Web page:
Slow boat to Dubai


Nearly three months ago a section of our front room back in Harrogate resembled the setting for a weird kind of car boot sale. A collection of random household objects were piled up in preparation for a journey into the unknown. Our trusty removal firm (ha!) told us that shipping would take five weeks max so we should provide a delivery address in Dubai soon after our arrival.

As we left home with no fixed abode in Dubai we had visions of the whole lot arriving whilst we were still residing in a small hotel room. With that thought in mind we felt we had no time to waste in getting ourselves settled into a suitable apartment. We needn’t have worried.

Five weeks came and went and another five went by before we found out that our shipment was taking a different route and was going to Sohar, in Oman. Over the phone we could hear the decision-maker in Yorkshire heaving a tired sigh at the stupidity of our questions. Didn’t we know that docking in a port, two hours away from Dubai was saving time on delivery? Hang on, saving time?

In the end even the local agent’s estimation went out of the window and all of a sudden we had a call to say our shipment would be delivered by one person in the next hour. On the dot the doorbell rang and in he came, wheeling our boxes, followed by one, two, three, four – no less than eight chaps to share the unpacking duties. With so many hands it was all done in a trice and we were left staring in wonder at the good and bad decisions we had made back in January when we didn’t have much of a clue about what we needed to bring and what we REALLY needed to bring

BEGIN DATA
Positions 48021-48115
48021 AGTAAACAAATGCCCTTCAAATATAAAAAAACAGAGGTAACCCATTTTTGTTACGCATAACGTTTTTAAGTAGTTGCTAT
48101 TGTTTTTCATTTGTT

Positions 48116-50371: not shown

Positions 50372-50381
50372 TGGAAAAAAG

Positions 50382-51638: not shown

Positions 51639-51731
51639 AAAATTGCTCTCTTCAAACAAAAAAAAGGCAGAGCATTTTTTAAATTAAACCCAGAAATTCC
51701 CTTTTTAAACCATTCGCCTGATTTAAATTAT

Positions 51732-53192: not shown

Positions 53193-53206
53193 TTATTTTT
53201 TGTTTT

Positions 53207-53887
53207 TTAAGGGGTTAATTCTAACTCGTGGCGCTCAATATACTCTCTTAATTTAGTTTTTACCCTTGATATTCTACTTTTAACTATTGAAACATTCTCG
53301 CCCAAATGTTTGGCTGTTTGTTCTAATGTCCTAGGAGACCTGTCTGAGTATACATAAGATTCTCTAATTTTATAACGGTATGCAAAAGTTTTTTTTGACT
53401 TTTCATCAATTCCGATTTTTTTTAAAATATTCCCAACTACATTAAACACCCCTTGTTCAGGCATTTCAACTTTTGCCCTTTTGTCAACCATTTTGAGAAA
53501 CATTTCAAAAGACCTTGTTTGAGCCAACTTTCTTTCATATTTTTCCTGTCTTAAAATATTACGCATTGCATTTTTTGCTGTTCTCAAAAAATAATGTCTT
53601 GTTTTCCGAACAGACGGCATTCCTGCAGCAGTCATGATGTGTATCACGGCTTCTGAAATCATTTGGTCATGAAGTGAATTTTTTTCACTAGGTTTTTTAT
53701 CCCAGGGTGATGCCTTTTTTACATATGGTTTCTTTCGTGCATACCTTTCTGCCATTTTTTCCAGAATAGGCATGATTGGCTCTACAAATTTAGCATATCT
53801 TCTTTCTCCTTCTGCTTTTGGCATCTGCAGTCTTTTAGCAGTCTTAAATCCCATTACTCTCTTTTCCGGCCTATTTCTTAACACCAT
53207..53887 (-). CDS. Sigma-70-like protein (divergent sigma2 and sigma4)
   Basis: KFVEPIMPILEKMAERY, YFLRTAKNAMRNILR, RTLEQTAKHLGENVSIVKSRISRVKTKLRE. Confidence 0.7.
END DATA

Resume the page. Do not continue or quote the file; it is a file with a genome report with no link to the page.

We knew we wanted to rent a furnished apartment in Dubai and the fact that the basics were in place from the start was a huge help. We have listened as other expats have told us how they spent weeks on the floor of an empty flat whist they worked their way through the shopping list that would ensure they could sleep, eat and shower in comfort. No thanks. Luckily, we had the foresight to anticipate what an unfurnished apartment might mean in reality.

What we should have realised is that what seems furnished on the surface, can prove to be unfit for purpose in reality and in hideous taste! Witness the dining room table and chairs we started with. A circular table in a space that required a rectangle and made of such dark wood we needed the light on in the day just to see what we were eating. It was miserable to look at and the chairs were guaranteed to cause acute back problems. They had to go. On the upside, the bed in the main bedroom is vast and beautifully comfortable. I can forgive a lot of things, as long as I can get a good night’s sleep.